Pick the pair of words for the emotions you might feel while reading this quote. Think about why you have the emotions you picked. You may pick more than 1….

happy/pleasing — mean/cruel — annoying/displeasing — mad/angry —  exciting/thrilling —  sad/heartbreaking — scary/frightening —  boring/uninteresting —  calm/neutral

Reading “The Masque of the Red Death” with Audio

Link to story with audio:

http://etc.usf.edu/lit2go/147/the-works-of-edgar-allan-poe/5383/the-masque-of-the-red-death/

(Yellow Textbooks Page 53) Read along with the audio. Look for the mood, tone, and the gothic details about setting.

Read through to the end of Paragraph 3, ending with:

“It was toward the close of the fifth or sixth month of his seclusion, and while the pestilence raged most furiously abroad, that the Prince Prospero entertained his thousand friends at a masked ball of the most unusual magnificence.”

Mood of Paragraph 1: frigthening, gruesome, horrifying

Tone of Paragraph 1: ominous, frightening, morbid

Mood of Paragraph 2: light-hearted, calm

Tone of Paragraph 2: calculated, mysterious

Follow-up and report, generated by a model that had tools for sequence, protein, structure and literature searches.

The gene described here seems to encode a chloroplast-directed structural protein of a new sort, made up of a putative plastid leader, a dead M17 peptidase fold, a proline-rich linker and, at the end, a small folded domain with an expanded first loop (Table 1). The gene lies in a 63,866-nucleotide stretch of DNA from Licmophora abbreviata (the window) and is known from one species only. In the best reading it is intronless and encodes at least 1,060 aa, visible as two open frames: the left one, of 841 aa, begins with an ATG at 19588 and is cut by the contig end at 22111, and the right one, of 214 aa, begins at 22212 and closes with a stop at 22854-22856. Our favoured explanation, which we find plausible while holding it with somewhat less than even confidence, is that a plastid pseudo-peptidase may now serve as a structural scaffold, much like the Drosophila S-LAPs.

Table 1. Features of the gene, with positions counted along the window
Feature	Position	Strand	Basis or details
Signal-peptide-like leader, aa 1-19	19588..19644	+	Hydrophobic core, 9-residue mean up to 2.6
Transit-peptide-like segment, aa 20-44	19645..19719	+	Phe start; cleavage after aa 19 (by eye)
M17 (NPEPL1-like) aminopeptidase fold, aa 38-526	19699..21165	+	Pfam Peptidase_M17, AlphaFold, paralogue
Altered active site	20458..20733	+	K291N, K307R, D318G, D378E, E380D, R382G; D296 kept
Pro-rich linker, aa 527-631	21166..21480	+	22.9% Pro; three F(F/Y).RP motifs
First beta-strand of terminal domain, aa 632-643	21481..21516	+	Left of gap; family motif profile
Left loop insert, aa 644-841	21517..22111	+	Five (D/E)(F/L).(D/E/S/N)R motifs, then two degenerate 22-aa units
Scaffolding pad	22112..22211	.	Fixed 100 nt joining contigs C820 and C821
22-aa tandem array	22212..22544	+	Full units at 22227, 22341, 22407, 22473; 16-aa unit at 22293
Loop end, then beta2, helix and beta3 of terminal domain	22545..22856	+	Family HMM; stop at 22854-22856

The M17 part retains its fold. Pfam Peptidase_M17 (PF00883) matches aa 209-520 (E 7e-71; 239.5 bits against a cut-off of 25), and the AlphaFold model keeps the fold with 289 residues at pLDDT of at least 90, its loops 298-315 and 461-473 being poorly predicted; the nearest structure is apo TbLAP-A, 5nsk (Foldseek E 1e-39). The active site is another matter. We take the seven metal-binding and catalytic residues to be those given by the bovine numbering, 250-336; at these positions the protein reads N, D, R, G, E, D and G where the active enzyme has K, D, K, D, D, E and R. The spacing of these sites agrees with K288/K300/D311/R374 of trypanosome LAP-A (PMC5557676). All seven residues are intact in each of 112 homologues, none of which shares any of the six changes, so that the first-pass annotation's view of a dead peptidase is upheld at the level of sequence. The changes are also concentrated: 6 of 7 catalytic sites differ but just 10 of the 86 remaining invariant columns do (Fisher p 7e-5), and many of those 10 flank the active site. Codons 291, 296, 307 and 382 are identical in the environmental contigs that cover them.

Compare/Contrast Essays

Leave a comment

Since September 28(A)/October 1(A) we have been working on Compare/Contrast Essays.

In class on Sept 28 and 10/1 we took Cornell notes (to be placed in the writing section of our binders) on Compare and Contrast Essays. We were able to record the process for writing a thesis statement and used American Idol vs. X Factor as a practice example thesis.

The next class, everyone was assigned one of these three prompts:

•Prompt #1: Compare/contrast how allusions and the inclusion of personal background information helped each author reveal their perspective on the topic of each story
•Prompt #2: Compare/contrast the family influences and cultural/literary influences on the perspective of each author
•Prompt #3: Compare/contrast the main ideas/essential messages of each story and the methods the authors use to get  these ideas/messages across to the reader

We moved on to working on comparing and contrasting items based on the prompt assigned from the two stories we read “Straw Into Gold” and “In Search of Our Mothers’ Gardens” in a Venn Diagram Worksheet.

We took notes on outlining and began to outline our essays on the given worksheet.

If you need an example on how to fill out your outline OR you need a new worksheet click this:

Unit1CompareContrastEssayOutlineBlankCopyandExample